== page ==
From time to time I receive papers to peer review that, in my view, fail to attain an acceptable level of writing and text formatting. Examples of usual issues are: common erratum, poor use of English, bad formatted equations, inconsistent use of punctuation marks, spacings, citations, references and so on. Bonus track is when the submission has not been processed in LaTeX and it contains poorly written equations (for the record my field is Mathematics). I do not consider myself an expert in any of these points, but I think everybody know how to reach a decent level, of course if you are willing to invest some time on it.

While in certain situations there are interesting scientific contributions to present, it is certainly hard to focus on them with so many styling distractions around. What is worse, sometimes they are hard to decipher because of an inconsistent use of notation or because a misspelling introduces a key change in the meaning of a statement. In my opinion, these are issues that could have been solved by the authors with a careful revision of the manuscript prior to submission.

For the sake of argument, let's assume a paper as described before, with a legitimate scientific contribution and let's keep apart from the question the scientific part of the report. When I face the review of such a paper, I often have the next dilemma: should I point the authors to all the writing/styling/formatting issues? Or should I briefly mention that there are serious non-scientific issues and encourage the authors to fix them? The two opposite arguments supporting each approach are:

  • On one hand, I feel that is my responsibility as a reviewer to ensure that the paper is going to have the best scientific/presentation quality possible after the reviewing process. And that includes helping as much as I can in both points.

  • On the other hand, if the authors should have taken care of all the non-scientific issues, I wonder why should I invest so much time pointing towards their improvement. In some sense, I feel they are being a little disrespectful with the reviewers and readers to submit a non-polished manuscript. In addition, maybe this kind of work could be done by the people in charge of the article proofs (assuming that the journal has them and that they do a good job...)

My current approach is to ask for a major revision and reply with a very detailed list of all the non-scientific issues I found, but I wonder whether I am overdoing my referee's duties. In addition, this turns to be also quite time-consuming.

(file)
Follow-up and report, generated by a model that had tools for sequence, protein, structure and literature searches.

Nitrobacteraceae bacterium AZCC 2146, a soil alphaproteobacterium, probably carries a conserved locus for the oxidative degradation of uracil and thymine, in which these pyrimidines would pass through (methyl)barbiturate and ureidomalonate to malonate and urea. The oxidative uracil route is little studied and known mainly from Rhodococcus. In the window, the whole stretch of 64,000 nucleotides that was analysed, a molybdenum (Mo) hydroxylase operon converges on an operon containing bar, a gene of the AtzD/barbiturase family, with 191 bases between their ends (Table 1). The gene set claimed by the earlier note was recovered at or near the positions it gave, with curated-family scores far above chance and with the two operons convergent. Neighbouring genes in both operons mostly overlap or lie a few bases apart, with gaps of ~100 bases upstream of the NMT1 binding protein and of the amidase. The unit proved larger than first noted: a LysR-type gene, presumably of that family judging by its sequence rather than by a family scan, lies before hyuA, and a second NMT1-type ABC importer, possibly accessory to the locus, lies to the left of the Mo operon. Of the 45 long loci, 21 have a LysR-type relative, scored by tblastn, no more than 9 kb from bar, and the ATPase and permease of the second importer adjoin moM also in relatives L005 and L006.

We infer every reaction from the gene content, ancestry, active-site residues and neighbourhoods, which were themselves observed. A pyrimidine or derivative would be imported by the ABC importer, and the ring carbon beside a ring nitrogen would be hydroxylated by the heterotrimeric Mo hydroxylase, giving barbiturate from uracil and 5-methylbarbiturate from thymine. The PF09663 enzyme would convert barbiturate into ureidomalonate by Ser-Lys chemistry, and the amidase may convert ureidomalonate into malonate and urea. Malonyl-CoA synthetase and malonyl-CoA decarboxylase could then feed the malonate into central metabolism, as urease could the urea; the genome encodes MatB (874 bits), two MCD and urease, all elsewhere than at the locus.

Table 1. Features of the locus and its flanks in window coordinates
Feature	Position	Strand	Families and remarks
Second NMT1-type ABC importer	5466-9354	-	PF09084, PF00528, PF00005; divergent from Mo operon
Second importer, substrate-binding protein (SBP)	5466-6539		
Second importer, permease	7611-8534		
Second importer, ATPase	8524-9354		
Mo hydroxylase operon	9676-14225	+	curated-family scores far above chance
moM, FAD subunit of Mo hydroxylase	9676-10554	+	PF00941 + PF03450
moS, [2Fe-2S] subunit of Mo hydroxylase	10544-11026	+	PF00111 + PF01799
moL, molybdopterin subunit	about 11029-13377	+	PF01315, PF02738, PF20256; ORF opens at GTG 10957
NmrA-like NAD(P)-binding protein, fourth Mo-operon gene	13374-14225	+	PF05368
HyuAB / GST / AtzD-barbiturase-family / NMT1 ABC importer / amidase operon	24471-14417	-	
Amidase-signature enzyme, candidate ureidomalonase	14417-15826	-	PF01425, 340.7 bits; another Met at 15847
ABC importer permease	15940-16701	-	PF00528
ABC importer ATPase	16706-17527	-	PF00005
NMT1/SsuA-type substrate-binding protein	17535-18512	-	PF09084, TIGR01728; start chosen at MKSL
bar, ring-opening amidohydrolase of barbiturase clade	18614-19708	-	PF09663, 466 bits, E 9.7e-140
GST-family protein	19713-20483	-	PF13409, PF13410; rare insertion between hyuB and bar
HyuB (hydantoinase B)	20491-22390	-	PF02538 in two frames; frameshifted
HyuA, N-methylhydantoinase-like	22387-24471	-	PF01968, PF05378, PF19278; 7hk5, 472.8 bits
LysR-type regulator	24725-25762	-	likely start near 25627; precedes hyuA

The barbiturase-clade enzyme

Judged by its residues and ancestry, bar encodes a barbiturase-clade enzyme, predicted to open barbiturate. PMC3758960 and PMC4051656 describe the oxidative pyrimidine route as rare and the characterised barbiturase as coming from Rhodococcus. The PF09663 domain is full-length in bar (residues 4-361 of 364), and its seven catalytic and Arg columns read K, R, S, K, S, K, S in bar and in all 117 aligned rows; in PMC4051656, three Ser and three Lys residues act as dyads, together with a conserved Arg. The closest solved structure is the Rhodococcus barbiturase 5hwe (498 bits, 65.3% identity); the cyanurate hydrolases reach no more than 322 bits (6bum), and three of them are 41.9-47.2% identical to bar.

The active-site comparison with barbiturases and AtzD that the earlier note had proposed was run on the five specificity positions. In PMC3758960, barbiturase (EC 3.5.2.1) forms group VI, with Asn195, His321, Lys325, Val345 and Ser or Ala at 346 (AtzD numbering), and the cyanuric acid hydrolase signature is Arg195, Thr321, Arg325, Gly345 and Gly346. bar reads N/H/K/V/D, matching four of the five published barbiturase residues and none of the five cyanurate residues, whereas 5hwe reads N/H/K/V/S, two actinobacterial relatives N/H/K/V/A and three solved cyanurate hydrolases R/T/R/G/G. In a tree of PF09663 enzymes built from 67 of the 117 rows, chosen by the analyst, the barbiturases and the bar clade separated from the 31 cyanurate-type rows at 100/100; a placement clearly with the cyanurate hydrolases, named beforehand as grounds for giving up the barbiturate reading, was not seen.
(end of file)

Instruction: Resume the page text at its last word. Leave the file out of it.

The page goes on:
EDIT: I am looking for an answer that involves a discussion on what are the reviewer's duties and limits regarding writing/styling. This is only partially addressed in this question.

  • Can you please elaborate why you think this question differs from the one you linked? – Wrzlprmft Nov 28 '15 at 18:27
  • Sure @Wrzlprmft. I was looking an answer to the bold faced questions, which is related to what are the reviewer's duties regarding writing/styling. The question I linked is about how to provide suggestions on that issue, although incidentally discusses in the answers what are the referee's duties. But I believed that this last point deserved to be expanded in its own question. – epsilone Nov 28 '15 at 22:21

If you cannot understand the discussion, you may just point out that the manuscript is poorly readable and suggest "reject, invite to resubmit". Some journals allow that option. "Major revisions" will work essentially in the same way. I would not do proof-reading for the authors, it is not the reviewer's job.

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    I usually think that some amount of proofreading from the reviewer is nice, but if the paper is full of issues then a "revise and resubmit" recommendation may indeed be better. – Oswald Veblen Nov 28 '15 at 22:54

One approach I have taken in the past is to prepare a referee report listing the non-scientific issues for the first couple of pages. I will say that such errors are found throughout the paper (if indeed they are) and urge them to proofread more carefully throughout before resubmitting.

Sometimes I will also try to find the author's website, and find out whether h/she is employed at an English-speaking university, and/or has teaching duties in English. If no, then I try to be lenient and generous with offering corrections; if yes, then I don't feel bad writing a curt request to bring the paper up to an acceptable level of presentation.

Nobody expects you to find and fix all these issues. (That said, it seems that some editors only want you to check whether the content is correct and interesting, and apparently would rather leave non-scientific issues to the copyeditor.)

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